Octavia Butler was Racialicious before we even existed.
The late author is a cult icon, being a boundry breaking black woman in Science Fiction who infused her writing with rich societal commentary on race, gender, dominance, and much much more.
Last year, the University Press of Mississippi was kind enough to send me a review copy of Conversations with Octavia Butler, a collection of her interviews, edited by Consuela Francis. The interviews (some of which I will excerpt in later posts) were illuminating, revealing Butler’s damn near prophetic grasp of the underlying challenges facing our society. Quite a few of these interviews are from the 1980s and 1990s – her words still apply in 2011.
I savored the book as long as I could, but when I finally finished, I felt a deep and profound sense of loss. As just a casual reader before, I was suddenly confronted with the magnitude of exactly what went with Octavia Butler when she departed from this earth.
So I decided the best tribute would be to read, share, and enjoy her work.
Readers, welcome to the book club.
I’ve had a somewhat haphazard approach to Butler’s work. At first, I had only read Fledgling, on a recommendation for more black supernatural fiction. Then I read Conversations, and finished both Mind of My Mind and Bloodchild last week.
So, in a sense, I am starting over. (Hopefully, others long familiar with Butler’s work will do the same.)
Officially, we will start July 1 with the reading of Wild Seed.
As a new collector of Butler’s work (most of what I’ve read so far were borrowed from the library), I am going to purchase Seed to Harvest, a collection of the Patternmaster series. For those of you working the library, it may take some doing to locate all of Butler’s works – many of the books only have a few copies system, so use this extra week to start tracking things down.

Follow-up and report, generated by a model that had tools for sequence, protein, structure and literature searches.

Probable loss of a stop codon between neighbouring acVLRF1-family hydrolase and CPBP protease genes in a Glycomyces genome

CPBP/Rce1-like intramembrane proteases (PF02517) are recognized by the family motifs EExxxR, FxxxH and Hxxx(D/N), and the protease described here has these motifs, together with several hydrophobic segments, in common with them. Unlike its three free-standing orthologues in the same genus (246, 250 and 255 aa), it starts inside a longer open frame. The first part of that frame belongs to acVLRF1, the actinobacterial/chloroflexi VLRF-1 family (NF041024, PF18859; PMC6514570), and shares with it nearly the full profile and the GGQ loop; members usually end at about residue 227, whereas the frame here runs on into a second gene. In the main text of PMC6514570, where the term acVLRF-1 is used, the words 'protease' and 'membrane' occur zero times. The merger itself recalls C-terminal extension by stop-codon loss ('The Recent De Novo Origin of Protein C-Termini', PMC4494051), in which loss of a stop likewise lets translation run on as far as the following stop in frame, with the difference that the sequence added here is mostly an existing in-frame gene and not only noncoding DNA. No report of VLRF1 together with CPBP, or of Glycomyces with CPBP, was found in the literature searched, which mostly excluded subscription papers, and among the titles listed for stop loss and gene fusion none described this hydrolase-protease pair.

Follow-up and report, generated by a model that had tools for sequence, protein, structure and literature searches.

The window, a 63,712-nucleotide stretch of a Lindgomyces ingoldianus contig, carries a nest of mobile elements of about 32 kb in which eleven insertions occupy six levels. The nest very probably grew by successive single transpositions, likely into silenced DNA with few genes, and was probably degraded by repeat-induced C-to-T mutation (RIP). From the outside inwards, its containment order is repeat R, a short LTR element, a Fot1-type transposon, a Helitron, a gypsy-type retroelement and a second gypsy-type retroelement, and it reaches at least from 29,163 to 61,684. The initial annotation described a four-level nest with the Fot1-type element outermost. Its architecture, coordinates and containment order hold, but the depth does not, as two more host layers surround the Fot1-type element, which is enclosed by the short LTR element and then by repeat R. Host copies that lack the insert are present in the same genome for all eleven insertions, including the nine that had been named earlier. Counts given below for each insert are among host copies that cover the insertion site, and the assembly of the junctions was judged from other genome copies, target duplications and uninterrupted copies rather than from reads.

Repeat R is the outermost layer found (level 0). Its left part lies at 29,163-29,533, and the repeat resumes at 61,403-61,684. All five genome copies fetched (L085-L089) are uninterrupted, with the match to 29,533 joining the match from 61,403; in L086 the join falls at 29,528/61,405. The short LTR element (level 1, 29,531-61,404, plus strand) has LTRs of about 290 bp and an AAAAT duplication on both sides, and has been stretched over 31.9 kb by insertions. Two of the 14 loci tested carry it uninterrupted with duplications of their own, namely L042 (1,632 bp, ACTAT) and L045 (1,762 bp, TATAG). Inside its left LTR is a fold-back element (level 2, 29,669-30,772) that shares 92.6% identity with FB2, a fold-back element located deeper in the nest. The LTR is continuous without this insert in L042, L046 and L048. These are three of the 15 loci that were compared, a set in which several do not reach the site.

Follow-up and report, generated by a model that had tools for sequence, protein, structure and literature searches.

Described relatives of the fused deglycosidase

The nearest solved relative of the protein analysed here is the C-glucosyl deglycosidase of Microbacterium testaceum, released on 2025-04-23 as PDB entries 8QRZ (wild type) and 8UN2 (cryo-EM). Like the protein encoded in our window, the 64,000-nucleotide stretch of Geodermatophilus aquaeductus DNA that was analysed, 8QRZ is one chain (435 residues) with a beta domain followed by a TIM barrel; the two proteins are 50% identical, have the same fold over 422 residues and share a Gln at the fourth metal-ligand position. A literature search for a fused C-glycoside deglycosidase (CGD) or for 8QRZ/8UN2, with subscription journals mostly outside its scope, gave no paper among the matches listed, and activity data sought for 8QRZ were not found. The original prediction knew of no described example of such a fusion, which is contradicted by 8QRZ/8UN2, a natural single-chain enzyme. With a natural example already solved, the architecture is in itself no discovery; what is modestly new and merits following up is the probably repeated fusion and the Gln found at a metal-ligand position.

We will also attempt to read Survivor, if we can locate it. Butler declined to have the book reprinted, since she felt like it wasn’t up to her own standards.
We will read one book a month. Each week, a post will go up around the book, perhaps some interesting dialogue, a question on themes, or an essay on a particularly interesting topic bridged in the books. We will also throw in some scholarly works on Butler, and, if I can, take the next logical step…develop a show pilot around her work. The talent pool on Racialicious is huge, and it would be fun to crowd-workshop a pilot, I think. And at least we know we won’t have the same drama as Earthsea.
So here’s the schedule:
July – Wild Seed
August – Mind of My Mind
September – Clay’s Ark
October – Patternmaster
November – Kindred
December – Survivor?; If Not, Bloodchild
January – Dawn (Xenogenesis/Lillith’s Brood)
February – Adulthood Rites (Xenogenesis/Lillith’s Brood)
March – Imago (Xenogenesis/Lillith’s Brood)
April – Parable of the Sower
May – Parable of the Talents
June – Fledgling
July – Conversations with Octavia Butler
It’s a whole year of reading. Book club membership requires nothing but you reading the books – you don’t have to follow our order, but this shows the shape of the conversation.
Also, a note. My religious education is rather lacking in the finer details, and I’ve noticed that Butler (despite her own ambivalence toward organized religion) plays a lot with biblical style themes. So if someone notices a particularly interesting religious correlation, please speak up and help host a discussion. I will probably miss it.
About This BlogRacialicious is a blog about the intersection of race and pop culture. Check out our daily updates on the latest celebrity gaffes, our no-holds-barred critique of questionable media representations, and of course, the inevitable
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